## Section: Application Domains

### Third axis: Stability and uncertain dynamics

Switched and hybrid systems constitute a broad framework for the description of the heterogeneous aspects of systems in which continuous dynamics (typically pertaining to physical quantities) interact with discrete/logical components. The development of the switched and hybrid paradigm has been motivated by a broad range of applications, including automotive and transportation industry [142], energy management [135] and congestion control [126].

Even if both controllability [146] and observability [114] of switched and hybrid systems have attracted much research efforts, the central role in their study is played by the problem of stability and stabilizability. The goal is to determine whether a dynamical or a control system whose evolution is influenced by a time-dependent signal is uniformly stable or can be uniformly stabilized [119], [147]. Uniformity is considered with respect to all signals in a given class. Stability of switched systems lead to several interesting phenomena. For example, even when all the subsystems corresponding to a constant switching law are exponentially stable, the switched systems may have divergent trajectories for certain switching signals [118]. This fact illustrates the fact that stability of switched systems depends not only on the dynamics of each subsystem but also on the properties of the class of switching signals which is considered.

The most common class of switching signals which has been considered in the literature is made of all piecewise constant signals. In this case uniform stability of the system is equivalent to the existence of a common quadratic Lyapunov function [129]. Moreover, provided that the system has finitely many modes, the Lyapunov function can be taken polyhedral or polynomial [80], [81], [103]. A special role in the switched control literature has been played by common quadratic Lyapunov functions, since their existence can be tested rather efficiently (see the surveys [121], [141] and the references therein). It is known, however, that the existence of a common quadratic Lyapunov function is not necessary for the global uniform exponential stability of a linear switched system with finitely many modes. Moreover, there exists no uniform upper bound on the minimal degree of a common polynomial Lyapunov function [124]. More refined tools rely on multiple and non-monotone Lyapunov functions [91]. Let us also mention linear switched systems technics based on the analysis of the Lie algebra generated by the matrices corresponding to the modes of the system [67].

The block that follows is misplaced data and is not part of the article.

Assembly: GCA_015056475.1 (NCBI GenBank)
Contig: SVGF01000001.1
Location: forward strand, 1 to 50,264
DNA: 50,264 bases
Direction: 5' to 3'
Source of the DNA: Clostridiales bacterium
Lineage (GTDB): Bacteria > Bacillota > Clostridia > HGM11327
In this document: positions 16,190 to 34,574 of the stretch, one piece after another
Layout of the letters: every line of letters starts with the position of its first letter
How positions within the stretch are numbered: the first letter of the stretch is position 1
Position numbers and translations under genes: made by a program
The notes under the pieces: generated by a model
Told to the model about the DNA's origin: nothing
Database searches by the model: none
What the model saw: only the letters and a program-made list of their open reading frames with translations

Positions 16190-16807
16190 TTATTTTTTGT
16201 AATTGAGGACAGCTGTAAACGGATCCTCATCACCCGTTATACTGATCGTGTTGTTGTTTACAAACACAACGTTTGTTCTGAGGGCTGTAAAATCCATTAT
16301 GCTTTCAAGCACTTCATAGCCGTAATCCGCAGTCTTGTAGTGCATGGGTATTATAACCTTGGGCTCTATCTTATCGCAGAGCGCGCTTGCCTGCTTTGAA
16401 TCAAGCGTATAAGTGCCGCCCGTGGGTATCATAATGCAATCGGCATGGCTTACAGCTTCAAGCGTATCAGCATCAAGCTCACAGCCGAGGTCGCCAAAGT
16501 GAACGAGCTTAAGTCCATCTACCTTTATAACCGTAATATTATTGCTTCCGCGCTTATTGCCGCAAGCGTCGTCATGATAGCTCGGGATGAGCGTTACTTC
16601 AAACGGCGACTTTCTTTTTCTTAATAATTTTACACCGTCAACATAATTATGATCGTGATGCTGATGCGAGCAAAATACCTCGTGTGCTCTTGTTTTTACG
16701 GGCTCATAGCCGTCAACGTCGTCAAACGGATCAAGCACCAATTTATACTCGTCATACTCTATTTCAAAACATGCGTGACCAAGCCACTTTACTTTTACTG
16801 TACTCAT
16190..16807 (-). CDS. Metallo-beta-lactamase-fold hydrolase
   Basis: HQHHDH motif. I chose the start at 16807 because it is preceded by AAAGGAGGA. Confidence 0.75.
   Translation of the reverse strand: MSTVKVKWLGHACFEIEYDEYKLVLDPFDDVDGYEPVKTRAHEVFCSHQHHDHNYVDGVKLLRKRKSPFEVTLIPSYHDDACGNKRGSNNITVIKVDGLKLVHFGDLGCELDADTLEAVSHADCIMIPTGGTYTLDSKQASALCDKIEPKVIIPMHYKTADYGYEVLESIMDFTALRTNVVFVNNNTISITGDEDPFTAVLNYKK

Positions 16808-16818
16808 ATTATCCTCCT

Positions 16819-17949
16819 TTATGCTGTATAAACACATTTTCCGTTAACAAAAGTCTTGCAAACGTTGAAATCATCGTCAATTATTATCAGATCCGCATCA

For systems evolving in the plane, more geometrical tests apply, and yield a complete characterization of the stability [84], [73]. Such a geometric approach also yields sufficient conditions for uniform stability in the linear planar case [87].

In many situations,
it is interesting for modeling purposes to
specify the features
of the switched system by introducing
**constrained switching rules**. A typical constraint is that each mode is activated for at least a fixed minimal amount of time, called the dwell-time.
Switching rules can also be imposed, for instance, by a timed automata.
When constraints apply, the common Lyapunov function approach becomes conservative and new tools have to be developed to give more detailed characterizations of stable and unstable systems.

Our approach to constrained switching is based on the idea of relating the analytical properties of the classes of constrained switching laws (shift-invariance, compactness, closure under concatenation, ...) to the stability behavior of the corresponding switched systems.
One can introduce
**probabilistic uncertainties** by endowing the classes of admissible signals with suitable probability measures.
One then looks at the corresponding Lyapunov exponents, whose existence is established by the multiplicative ergodic theorem.
The interest of this approach is that probabilistic stability analysis filters out highly `exceptional' worst-case trajectories.
Although less explicitly characterized from a dynamical viewpoint than its deterministic counterpart, the probabilistic notion of uniform exponential stability can be studied
using several
reformulations of Lyapunov exponents proposed in the literature [78], [98], [155].